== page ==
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Reflections on Flora

Scientists Say Gardening Is Good for Your Health


Sunday, January 23, 2011

Gardeners may have known this for centuries, but one of the best reasons for gardening to hit the news in recent years is that it’s just plain good for you. The healthful benefits are many, and almost anyone, regardless of ability, can realize some of them.

Scientists have recently shown that just looking at plants and landscapes can reduce stress levels, lower blood pressure, and relieve muscle tension. Take a moment right now; look out the window at the nearest green, growing plant; contemplate its color, form, and texture. See how its stems and leaves are organized; imagine how its root system supports it all. Here is a complex living being that can actually make its own energy from the sun! If the scientists are right, you’re already feeling better than you were when you started reading this paragraph.

Gardening can stimulate all the other senses, too. The smell of earth, the many scents of flowers and aromatic foliage, can evoke strong emotions and memories. As you work in your garden, the feel of the sun, or fog, or breeze on your face and the variety of textures on leaves, bark, and fruits all stimulate your sense of touch and help reconnect you to your body. For those of us who spend many hours of the day in occupations requiring concentrated brain effort, this can be just the treat we need to unwind. Even if you live in an urban area, the rustle of the wind in the trees along the street and the cheep and peep of birds, insects, and frogs that somehow manage to find a niche in our gardens can provide a refreshing relief from the bustle of traffic and too-close neighbors.

The physical activity required by gardening and yard work can also make a significant contribution to your overall health. Stretching, lifting, and all the other repetitive motions associated with raking, digging, and planting are as good as many exercise programs at building strength, endurance, and flexibility. The benefits of regular exercise, as we all know by now, include reduction in the risk of serious disease such as heart disease, adult-onset diabetes, high blood pressure, and stroke. Weight loss, relief from depression, and maintenance of bone density through weight-bearing exercise are all possible byproducts of a gardening workout that won’t even feel like that much work.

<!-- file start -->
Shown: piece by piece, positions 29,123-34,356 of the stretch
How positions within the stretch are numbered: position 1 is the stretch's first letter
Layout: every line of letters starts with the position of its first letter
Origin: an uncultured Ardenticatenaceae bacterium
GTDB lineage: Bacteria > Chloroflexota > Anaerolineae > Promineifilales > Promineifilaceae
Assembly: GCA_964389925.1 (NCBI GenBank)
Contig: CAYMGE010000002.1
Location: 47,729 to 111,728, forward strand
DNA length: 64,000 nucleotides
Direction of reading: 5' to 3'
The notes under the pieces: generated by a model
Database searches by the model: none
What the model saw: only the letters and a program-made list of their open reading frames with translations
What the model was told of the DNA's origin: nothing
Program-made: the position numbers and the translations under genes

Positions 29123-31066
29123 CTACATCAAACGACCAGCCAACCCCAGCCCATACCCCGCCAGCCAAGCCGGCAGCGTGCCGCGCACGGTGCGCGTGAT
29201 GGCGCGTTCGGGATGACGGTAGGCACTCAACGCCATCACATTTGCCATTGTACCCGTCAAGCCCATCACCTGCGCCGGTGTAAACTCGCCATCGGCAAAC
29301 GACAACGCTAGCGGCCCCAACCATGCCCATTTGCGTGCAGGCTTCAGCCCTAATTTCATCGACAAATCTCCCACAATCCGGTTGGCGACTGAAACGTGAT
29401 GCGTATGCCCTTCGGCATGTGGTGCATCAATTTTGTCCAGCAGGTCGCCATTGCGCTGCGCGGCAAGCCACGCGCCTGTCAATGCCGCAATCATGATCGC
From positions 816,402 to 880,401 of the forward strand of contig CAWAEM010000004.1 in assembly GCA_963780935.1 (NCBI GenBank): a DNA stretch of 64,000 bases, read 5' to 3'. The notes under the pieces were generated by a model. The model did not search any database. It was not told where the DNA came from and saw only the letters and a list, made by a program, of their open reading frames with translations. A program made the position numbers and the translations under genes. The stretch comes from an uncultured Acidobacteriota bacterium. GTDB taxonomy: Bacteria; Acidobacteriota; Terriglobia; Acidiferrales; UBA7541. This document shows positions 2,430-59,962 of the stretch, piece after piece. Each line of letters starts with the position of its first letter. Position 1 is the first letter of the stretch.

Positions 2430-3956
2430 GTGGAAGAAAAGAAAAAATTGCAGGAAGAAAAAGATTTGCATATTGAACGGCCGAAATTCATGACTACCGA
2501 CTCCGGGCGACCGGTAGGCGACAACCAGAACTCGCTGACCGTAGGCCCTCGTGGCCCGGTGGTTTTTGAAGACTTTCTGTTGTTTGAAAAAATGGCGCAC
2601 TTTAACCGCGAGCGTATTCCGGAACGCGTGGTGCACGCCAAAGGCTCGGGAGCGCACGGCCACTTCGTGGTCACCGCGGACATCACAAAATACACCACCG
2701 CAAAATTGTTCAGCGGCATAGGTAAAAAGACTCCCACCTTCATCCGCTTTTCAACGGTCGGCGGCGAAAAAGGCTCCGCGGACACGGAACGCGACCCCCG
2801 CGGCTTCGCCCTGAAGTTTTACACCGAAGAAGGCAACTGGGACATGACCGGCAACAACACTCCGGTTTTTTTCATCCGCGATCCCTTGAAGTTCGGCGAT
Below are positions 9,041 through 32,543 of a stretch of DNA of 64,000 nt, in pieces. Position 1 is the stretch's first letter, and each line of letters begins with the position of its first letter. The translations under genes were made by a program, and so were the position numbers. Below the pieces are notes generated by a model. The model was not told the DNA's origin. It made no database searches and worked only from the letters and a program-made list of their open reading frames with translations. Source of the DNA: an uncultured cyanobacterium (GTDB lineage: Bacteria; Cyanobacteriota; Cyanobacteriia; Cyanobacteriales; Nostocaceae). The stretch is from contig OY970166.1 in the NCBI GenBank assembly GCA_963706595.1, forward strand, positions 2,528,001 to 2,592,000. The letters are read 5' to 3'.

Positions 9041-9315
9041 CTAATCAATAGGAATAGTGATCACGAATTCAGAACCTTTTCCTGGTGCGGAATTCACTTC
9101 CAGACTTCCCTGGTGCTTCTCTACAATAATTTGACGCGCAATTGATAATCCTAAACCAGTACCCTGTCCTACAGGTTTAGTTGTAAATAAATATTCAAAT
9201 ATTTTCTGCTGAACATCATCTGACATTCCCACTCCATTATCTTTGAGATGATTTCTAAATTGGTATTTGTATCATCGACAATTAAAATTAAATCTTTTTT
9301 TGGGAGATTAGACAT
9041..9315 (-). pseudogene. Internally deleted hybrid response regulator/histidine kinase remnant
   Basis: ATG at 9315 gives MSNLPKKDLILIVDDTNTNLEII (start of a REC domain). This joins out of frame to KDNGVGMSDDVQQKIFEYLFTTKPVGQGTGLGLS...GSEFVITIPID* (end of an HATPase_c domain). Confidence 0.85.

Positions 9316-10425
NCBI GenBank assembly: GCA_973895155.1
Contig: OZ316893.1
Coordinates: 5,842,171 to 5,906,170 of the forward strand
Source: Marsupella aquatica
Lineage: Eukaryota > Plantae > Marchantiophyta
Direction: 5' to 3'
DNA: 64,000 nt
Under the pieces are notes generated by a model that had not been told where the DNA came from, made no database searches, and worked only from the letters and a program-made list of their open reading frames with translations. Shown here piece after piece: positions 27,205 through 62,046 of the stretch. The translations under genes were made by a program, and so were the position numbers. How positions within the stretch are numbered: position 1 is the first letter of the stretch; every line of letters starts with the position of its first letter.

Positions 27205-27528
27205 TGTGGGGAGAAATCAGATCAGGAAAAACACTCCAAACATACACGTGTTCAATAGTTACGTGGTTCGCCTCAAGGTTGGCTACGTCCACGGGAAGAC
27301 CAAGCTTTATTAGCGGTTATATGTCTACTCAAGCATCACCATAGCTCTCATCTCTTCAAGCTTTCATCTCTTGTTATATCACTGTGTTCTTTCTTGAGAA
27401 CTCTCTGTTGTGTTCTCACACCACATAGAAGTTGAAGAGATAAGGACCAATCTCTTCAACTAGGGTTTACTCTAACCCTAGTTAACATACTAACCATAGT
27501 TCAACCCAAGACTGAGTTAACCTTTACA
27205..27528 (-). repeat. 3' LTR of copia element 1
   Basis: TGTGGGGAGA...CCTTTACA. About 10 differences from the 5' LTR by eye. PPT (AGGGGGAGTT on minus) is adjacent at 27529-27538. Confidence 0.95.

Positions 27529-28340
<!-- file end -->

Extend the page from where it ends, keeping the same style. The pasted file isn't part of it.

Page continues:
A place to feel less stressed, more comfortable in your body, and invigorated need not be large or complex. Your garden may consist of only a potted plant or two on the windowsill or balcony. The benefits come not from acquiring some new object or worry, but in nurturing and caring for another living thing. Observing the growth and development of your plants will foster a link to nature at large. Gardening fosters a sense of responsibility and connection to the world outside ourselves that is increasingly lacking in a culture driven by commercial interests. Not only your own health and happiness but that of the community at large may be improved by the relatively simple act of planting a seed and helping it grow.

Teachers and health-care professionals are recognizing the variety of ways that gardening can benefit their charges. Horticultural therapy provides a form of emotional release and expression that can be of use in treating many ills, both social and physical. Addiction treatment facilities are installing gardens where their patients, by taking responsibility for the care of plantings, can begin to see the positive results of taking “ownership” of their actions. Teaching mentally and developmentally disabled people gardening skills can be one of the first and best steps in nurturing the physical, organizational, and communication abilities they will need to lead independent and productive lives. Elder residents of extended-care homes who have access to garden plots retain a greater degree of flexibility, lower blood pressure, and other positive emotional and health benefits. Even inmates of prisons and psychiatric patients with severe disorders are helped on the road to rehabilitation by an interaction with plants.

Recent immigrants or people displaced by acts of war or violence can often be helped to adjust to their new environments through gardening. Growing and harvesting familiar plants for food, medicinal, and spiritual uses can be especially helpful in reducing culture shock.

What should you plant in your garden? The message is this: It doesn’t really matter. It’s the planting and watering and enjoying your accomplishment that really count. So, get growing!

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Virginia Hayes, curator of Ganna Walska Lotusland, will answer your gardening questions. Address them to Gardens, The Independent, 122 W. Figueroa St., S.B., CA 93101. Send email to vahayes@lotusland.org.

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